Family members, spouses, or registered partners of residents in Italy can apply for a short-stay family visa. In Italy, this is also known as an invitation visa.

This visa requires you to demonstrate your relationship (e.g., provide a marriage certificate) and provide your relative’s passport.

You also need to prove you have financial subsistence. This can be your own funds or a letter of sponsorship from your relation to say they will financially support you during your stay.

Study visa

For any short-term study-related trips – for example a language course, study exchange, training, seminar, or internship – you can apply for a Schengen study visa.

Student in the university library, picking a book from the bookshelf. She is wearing protective face mask due to the pandemic.
Photo: LeoPatrizi/Getty Images

You will need to provide:

  • A cover letter
  • Proof of purpose (e.g., an internship agreement or a letter of educational placement)
  • Proof of your educational qualifications
  • A completed and signed form A

Tourist visa

Third-country nationals who want to go sightseeing, visit one or more cities, or experience Italian culture need a tourist visa. This visa requires that you demonstrate your socio-professional standing:

  • Students – you must provide a recent reference letter on official paper from either your employer or your University, addressed to the Italian Consulate. It must be an original letter in hard copy.
  • Salaried employees – documents include three recent payslips (original plus photocopies), plus a recent reference letter from your employer
  • Freelancers – requirements include certificates of incorporation, three recent business bank statements, and copies of your business income taxes. Alternatively to the latter, you can also present a hard copy letter from an accountant.
  • Retirees – required documents include a copy of your retirement compensation from social security
  • Unemployed applicants (e.g., dependent partners or minor children) – you must provide the information of the person you are dependent on. The documentation is listed on the Italian visa website.

Work visas

If you are traveling to Italy for work purposes, you can apply for a work visa. The country has numerous work permits available, including one for freelance work.

Each of the work visas has different requirements. It is therefore important to make sure your work purpose in Italy matches the right visa.

Other visas

Medical visa

Third-country citizens who have pre-planned medical care can apply for a medical visa.

Medical helicopter flying through the air near the Italian Dolomites.
Italian Dolomites (Photo: 1Tomm/Getty Images)

This visa is only available if:

  • The treatment is deemed necessary by a medical professional or establishment in your home country
  • An Italian doctor, medical specialist, hospital, or clinic has agreed to provide treatment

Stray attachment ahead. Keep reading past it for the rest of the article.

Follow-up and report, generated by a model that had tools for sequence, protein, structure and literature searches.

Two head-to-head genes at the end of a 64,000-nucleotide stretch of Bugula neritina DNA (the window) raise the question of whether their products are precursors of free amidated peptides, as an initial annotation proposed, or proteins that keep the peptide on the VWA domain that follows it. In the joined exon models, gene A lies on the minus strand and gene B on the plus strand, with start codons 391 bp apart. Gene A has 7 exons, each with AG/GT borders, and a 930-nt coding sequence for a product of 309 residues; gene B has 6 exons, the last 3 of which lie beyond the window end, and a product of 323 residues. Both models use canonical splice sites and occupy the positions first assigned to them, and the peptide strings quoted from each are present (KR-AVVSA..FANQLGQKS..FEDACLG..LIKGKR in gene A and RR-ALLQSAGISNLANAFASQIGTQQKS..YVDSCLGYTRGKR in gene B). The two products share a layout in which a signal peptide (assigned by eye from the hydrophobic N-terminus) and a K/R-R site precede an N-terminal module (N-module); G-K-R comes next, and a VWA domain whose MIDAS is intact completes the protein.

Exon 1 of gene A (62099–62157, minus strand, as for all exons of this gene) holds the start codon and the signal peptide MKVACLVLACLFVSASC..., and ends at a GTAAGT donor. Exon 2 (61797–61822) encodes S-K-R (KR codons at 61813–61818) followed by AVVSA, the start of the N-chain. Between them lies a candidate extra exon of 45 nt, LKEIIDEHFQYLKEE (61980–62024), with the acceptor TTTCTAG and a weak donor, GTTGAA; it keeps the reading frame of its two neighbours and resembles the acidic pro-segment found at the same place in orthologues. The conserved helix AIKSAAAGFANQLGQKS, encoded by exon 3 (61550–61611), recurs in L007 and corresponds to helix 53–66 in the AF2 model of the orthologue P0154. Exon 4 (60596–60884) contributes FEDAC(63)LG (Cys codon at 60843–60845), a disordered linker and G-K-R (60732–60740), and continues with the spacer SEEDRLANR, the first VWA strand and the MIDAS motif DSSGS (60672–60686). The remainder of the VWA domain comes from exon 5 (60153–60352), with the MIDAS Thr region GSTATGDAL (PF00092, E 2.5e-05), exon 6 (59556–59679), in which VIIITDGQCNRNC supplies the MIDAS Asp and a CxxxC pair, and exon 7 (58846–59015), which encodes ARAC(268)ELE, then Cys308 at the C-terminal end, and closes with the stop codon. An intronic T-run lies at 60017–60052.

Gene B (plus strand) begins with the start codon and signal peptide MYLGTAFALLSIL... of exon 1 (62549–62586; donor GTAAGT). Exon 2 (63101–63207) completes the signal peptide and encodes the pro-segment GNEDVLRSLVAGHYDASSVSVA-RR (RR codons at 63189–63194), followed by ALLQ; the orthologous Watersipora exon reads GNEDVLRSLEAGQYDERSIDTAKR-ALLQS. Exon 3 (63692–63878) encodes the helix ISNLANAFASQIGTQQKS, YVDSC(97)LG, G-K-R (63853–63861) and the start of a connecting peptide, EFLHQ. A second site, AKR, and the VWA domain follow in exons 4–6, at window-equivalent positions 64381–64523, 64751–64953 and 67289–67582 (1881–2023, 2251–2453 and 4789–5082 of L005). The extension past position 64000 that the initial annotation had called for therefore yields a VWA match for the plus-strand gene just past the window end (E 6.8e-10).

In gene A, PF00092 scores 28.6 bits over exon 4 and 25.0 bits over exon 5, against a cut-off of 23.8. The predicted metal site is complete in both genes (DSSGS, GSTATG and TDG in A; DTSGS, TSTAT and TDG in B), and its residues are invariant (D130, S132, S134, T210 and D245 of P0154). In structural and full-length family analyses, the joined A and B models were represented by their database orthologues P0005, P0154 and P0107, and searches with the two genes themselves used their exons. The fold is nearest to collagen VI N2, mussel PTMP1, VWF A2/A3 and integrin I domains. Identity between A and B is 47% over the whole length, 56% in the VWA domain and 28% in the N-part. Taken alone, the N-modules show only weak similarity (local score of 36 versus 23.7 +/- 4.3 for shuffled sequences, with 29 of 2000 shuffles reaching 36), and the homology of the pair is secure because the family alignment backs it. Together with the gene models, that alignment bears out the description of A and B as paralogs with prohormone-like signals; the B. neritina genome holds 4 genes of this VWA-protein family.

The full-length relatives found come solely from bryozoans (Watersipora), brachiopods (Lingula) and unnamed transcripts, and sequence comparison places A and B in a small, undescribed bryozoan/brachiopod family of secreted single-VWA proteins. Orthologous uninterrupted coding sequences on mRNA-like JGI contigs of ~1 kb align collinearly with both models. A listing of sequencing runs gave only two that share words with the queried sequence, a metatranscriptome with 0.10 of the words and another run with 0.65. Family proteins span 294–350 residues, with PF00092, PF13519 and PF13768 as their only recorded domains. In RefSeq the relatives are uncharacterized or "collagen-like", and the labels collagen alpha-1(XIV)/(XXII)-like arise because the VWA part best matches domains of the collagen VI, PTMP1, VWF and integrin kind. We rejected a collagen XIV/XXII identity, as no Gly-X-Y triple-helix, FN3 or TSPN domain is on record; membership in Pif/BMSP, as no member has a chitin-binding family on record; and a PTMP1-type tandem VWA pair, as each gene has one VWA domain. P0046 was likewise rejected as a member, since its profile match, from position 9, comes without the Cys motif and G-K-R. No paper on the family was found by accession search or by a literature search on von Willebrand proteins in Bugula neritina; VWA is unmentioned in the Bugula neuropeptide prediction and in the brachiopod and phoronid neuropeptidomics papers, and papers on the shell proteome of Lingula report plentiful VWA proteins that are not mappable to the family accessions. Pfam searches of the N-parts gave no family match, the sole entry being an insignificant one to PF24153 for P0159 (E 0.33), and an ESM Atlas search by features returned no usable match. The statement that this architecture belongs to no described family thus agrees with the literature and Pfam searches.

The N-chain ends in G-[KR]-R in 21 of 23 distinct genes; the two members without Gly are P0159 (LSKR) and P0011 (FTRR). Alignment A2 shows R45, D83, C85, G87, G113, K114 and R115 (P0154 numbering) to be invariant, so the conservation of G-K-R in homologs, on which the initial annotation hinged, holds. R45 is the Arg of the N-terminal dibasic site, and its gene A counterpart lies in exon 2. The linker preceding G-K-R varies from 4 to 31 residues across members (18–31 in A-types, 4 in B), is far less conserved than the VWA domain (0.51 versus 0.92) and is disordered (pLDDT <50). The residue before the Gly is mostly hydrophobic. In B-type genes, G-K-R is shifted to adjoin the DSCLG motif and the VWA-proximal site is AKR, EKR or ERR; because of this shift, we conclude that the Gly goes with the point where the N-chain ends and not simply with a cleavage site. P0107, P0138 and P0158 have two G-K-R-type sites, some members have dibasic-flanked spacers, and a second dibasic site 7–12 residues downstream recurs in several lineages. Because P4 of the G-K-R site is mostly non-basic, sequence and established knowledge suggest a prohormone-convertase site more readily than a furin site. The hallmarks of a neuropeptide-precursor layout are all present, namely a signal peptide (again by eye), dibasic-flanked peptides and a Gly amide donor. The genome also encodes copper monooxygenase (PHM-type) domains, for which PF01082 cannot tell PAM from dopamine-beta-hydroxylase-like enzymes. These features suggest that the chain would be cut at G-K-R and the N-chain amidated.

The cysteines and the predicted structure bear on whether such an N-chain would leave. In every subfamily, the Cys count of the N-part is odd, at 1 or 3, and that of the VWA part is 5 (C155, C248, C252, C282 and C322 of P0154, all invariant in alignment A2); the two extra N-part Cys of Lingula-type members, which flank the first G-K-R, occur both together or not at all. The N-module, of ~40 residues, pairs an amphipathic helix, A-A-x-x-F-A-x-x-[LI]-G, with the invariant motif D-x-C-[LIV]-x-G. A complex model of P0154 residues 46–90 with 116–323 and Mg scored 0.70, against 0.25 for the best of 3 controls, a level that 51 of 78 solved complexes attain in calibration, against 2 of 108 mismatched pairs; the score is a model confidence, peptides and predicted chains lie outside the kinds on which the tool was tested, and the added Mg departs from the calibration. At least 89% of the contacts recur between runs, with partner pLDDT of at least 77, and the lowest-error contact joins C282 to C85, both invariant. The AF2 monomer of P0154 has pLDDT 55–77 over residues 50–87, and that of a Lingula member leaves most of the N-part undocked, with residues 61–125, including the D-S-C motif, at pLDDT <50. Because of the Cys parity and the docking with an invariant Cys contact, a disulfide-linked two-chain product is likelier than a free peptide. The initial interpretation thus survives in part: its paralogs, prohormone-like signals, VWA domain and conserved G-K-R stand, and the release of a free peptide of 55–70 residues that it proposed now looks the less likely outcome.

Documents required for this visa include:

  • Your medical records
  • Confirmation from the medical establishment in your home country, as well as the one in Italy
  • Proof of downpayment (at least 30% of the total)
  • Proof of sufficient funds to finance your healthcare, stay, and repatriation

Mission visa

The mission visa allows entry into Italy for political, governmental, or public utility functions. This visa is only available to a selection of people, including:

  • Members or officials of a foreign government
  • Employees of a foreign public office, foreign public entity, or international organization
  • Private citizens who are carrying out activities considered of strategic relevance for the relationship between Italy and the foreign country

Your government or organization must submit the application on your behalf en demonstrate that:

  • Your mission benefits the relationship between Italy and your home country
  • Your status within the organization (i.e., a staff ID card)

They must also provide a verbal note that states the mission program and which authority will cover the expenses related to the mission.

Religious visa

Also known as a missionary visa, this visa is only issued when you are coming to Italy for specific religious purposes. You have to work in the religious field to qualify, for example, as a monk, nun, or imam.

During the application, you must provide supporting evidence of your religious activity in Italy. This could be, for example, an invitation letter from an Italian church or mission.

Transit visa

You can get a transit visa if you are just passing through on a connection journey. For example, if you need to catch a connecting flight or sea-faring vessel (e.g., a boat or ferry).

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As this visa is not always required, you can check with your local embassy what applies in your case.

Visa application process

You can get a visa through the Italian embassy or consulate in your home country or any worldwide visa application center that Italy has outsourced to. You must file the application before your departure to Italy. Applications typically take around 15 days to be processed. However, in certain circumstances, it can take up to 60 days, so it’s advisable to apply with plenty of time to spare.